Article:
3. Termination of the lease resulting in disruption to the company’s operation that would be considered significant
  4. Termination of the lease exposing the company to unfavorable market rate adjustments, forfeited discounts, damage to vendor relationships, or loss of operational efficiencies gained from on-going use of a specific asset
  5. Short-term lease contracts entered into in response to certain industry fluctuations; similarly, leased assets designed by the vendor in a manner that allows the vendor to be responsive to industry demands in terms of mobility, response time and versatility

In most circumstances, if the lessee’s termination penalty would be significant, the subsequent renewal periods should be included in the calculation of lease term until that termination penalty is no longer deemed to be significant. However, the interpretation of the ‘reasonably certain’ threshold defined under ASC 842 related to exercising stated renewal options should also be considered. In most cases, it would be appropriate to assume that as long as an entity determines that there would be a significant penalty associated with electing not to renew a contract, an entity would be compelled to assess that they are ‘reasonably certain’ to exercise the renewal option to avoid incurring the significant penalty.

Practical Application

Consider a Company that is leasing a generator on a month-to-month evergreen contract. The contract automatically renews each month unless cancelled, and either party can terminate at any time. If the Company chooses to terminate the lease, they must pay a small fee to ship the unit back to the vendor’s yard, but no other monetary termination consideration is defined in the contract. The Company determines that the use of the asset is necessary to sustain the operations of a specific site until permanent infrastructure can be constructed, but does not believe that the lost production associated with a one- or two-day shutdown of that site to swap out the leased asset would result in a material loss of revenue to the Company. The costs associated with swapping out the asset are not material to the Company, and the Company is not reasonably certain that it will continue to use the leased asset at a different site after it is no longer needed at the current site. The Company has no intention of purchasing the leased asset because of the labor and maintenance requirements associated with owning and operating the asset.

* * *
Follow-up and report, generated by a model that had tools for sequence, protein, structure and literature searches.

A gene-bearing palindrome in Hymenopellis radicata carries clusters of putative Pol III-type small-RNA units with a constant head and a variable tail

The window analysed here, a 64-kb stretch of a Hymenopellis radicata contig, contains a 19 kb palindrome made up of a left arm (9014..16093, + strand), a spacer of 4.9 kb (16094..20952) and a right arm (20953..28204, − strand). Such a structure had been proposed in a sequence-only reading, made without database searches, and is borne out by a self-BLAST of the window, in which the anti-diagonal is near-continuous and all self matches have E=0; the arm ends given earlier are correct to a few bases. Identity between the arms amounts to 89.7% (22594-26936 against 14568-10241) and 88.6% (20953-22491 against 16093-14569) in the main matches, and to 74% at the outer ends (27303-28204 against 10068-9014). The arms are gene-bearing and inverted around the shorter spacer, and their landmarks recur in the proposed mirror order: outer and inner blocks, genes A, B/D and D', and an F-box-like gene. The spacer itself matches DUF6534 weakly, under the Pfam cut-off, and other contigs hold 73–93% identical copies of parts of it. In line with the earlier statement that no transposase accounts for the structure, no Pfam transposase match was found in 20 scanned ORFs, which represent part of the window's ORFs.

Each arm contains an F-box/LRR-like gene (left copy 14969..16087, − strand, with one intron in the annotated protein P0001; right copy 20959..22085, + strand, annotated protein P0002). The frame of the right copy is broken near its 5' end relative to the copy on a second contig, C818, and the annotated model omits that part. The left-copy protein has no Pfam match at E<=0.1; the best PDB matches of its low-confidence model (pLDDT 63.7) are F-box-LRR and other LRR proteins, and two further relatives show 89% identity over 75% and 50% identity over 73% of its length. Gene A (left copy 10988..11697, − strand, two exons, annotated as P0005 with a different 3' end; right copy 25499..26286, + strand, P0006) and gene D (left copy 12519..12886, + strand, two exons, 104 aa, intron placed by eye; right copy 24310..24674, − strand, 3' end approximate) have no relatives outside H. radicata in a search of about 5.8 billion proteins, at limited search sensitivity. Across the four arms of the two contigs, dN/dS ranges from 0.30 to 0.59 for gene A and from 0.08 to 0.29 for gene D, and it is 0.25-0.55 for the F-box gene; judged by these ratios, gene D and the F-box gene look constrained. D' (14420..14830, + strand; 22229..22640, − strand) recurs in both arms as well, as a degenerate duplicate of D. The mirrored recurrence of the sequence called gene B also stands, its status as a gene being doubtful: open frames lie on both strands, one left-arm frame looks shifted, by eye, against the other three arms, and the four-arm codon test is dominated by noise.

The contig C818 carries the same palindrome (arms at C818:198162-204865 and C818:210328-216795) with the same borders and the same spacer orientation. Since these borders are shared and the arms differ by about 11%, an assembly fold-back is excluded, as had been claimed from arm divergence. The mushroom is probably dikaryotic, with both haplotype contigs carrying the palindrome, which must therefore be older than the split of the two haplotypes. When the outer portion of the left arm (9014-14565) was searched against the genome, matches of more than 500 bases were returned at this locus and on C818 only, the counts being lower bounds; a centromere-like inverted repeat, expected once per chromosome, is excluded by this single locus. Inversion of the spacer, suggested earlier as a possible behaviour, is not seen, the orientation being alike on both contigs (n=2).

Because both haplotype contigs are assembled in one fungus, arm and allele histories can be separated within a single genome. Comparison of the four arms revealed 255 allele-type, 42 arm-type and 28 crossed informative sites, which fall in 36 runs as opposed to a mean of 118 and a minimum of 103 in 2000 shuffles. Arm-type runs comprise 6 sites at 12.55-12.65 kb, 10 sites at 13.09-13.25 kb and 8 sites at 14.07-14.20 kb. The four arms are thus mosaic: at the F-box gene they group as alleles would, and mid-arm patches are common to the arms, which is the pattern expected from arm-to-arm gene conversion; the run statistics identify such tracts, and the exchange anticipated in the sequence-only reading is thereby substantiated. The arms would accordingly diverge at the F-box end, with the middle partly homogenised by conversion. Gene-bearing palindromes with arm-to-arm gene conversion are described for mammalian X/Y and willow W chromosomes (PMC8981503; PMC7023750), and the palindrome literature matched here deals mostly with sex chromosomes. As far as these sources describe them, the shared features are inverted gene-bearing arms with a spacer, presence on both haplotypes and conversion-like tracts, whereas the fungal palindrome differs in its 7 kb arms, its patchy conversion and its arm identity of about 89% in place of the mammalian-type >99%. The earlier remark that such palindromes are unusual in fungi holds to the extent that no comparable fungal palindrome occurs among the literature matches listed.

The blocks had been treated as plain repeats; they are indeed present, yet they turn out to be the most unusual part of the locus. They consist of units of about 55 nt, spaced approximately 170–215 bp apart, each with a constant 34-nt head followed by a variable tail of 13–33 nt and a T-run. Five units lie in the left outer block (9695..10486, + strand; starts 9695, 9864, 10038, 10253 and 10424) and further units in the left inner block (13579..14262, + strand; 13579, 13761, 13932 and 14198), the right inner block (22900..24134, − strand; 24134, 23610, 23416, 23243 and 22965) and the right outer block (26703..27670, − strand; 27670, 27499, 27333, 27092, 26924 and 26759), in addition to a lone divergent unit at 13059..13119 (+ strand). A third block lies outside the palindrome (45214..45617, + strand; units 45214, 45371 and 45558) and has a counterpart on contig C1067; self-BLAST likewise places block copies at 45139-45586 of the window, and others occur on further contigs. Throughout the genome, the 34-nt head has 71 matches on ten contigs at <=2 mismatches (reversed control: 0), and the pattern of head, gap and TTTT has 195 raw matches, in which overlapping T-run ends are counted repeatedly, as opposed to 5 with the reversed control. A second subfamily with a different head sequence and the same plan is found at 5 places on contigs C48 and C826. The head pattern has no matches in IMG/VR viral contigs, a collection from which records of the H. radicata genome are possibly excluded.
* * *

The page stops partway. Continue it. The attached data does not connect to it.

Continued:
Based on these facts, the Company does not believe that a significant termination penalty exists, and therefore they deem the lease to be classified as a short-term lease with a term of one-month or less. None of the penalties associated with terminating the lease were deemed to be significant to the Company (return transportation fee, loss of revenue due to downtime, asset certification cost, uninstallation cost).


Determining what constitutes a non-cancellable lease term involves evaluating the circumstances of each arrangement and the application of significant judgment. The conclusions reached can have material impacts to the balance sheet as well as the disclosures.